The PHP Development team announced this morning that PHP 5.3 RC1 is ready for public consumption. Not only does PHP 5.3 include a number of basic enhancements, it has a number of new features as well!
The folks behind the Eclipse PDT IDE have been working hard to get PHP 5.3 support built into the editor. They are getting very close to the goal, but could use some help from the community in writing some tests.
On the Blue Parabola blog, Matthew Turland has written about SPL (The Standard PHP Library), stating that it underrated, and wanting to make sure that it gets some more attention.
The latest release of PHP has been announced, PHP 5.2.9 is out and available for download. This release includes 4 major security/stability fixes, and numerous other enhancements as well.
Once again it’s time for the PHP TestFest. This is an event that aims at getting anyone (but especially local User Groups) to join together to help contribute towards improving the code coverage of the PHP test suite.
The first official beta of PHP 5.3 has been released today. You can download to begin testing your applications against it.
Johannes Schleuter has published the third part in his series of posts looking at the new features in PHP 5.3. While his earlier posts dealt with the fileinfo extension and new data structures in depth, this one discusses a topic that will undoubtedly generate discussion: the introduction of a limited GOTO loop. Take a look, and get a head start on what to expect in PHP 5.3!
Looking forward to getting your hands sticky with all manner of PHP 5.3 goodness? Well, you can get started early: IBM developerWorks has posted the second part of John Mertic’s article on what to expect in the upcoming version of PHP. Part 1 focused on changes in the PHP object model; Part 2 discusses closures and lambda functions. Essential reading for all developers engaged in developing PHP applications!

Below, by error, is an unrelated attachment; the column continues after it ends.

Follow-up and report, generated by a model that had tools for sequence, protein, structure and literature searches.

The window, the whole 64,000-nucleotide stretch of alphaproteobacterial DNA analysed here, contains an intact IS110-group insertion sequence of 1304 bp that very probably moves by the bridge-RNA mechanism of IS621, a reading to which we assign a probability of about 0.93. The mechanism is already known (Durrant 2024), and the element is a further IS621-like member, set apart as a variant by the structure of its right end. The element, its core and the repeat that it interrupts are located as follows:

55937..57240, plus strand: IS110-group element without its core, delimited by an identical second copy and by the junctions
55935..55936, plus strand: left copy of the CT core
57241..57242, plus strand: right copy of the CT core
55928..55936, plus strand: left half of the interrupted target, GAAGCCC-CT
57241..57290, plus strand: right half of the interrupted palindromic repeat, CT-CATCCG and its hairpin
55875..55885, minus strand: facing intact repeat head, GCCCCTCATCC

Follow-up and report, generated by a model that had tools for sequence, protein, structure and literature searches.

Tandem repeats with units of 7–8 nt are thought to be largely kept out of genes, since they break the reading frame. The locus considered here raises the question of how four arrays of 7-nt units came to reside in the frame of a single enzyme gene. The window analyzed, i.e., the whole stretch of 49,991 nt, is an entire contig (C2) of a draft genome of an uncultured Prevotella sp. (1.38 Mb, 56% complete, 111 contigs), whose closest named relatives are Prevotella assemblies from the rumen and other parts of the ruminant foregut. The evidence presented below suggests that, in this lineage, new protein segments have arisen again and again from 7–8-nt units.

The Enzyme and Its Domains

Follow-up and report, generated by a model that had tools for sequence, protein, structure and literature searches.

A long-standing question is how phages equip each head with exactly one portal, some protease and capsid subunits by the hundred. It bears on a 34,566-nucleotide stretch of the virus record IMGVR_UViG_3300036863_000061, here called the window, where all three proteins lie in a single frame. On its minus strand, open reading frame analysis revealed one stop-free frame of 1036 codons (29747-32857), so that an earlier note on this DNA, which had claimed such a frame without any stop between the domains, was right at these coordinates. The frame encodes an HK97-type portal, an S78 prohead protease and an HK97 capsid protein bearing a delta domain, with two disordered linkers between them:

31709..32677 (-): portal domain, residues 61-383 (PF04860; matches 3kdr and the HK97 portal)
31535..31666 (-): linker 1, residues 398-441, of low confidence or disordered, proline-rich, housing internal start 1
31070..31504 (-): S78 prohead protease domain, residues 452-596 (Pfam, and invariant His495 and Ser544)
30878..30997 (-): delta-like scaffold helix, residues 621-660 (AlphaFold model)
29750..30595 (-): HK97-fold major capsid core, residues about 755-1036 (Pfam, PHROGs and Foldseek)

Adam Hosker has an interesting blog post on his Zend PHP 5 Certification Blog, summarizing the key differences between PHP 4 and PHP 5. His post discusses differences in basic language features, the object model, magic methods, extensions and error management.
This is essential reading for both PHP beginners as well as for candidates cramming for the Zend Certification test. And while you’re in the mood to learn new stuff, also take a look at his tips for how to be a good PHP coder!
If you’ve been programming for a while, you probably already know the basic function of a template engine: to separate presentation and layout information from program code in an application. This separation lets designers and developers work independently on the form and function of an application, and it can substantially reduce the time and effort required in the maintenance phase of a project.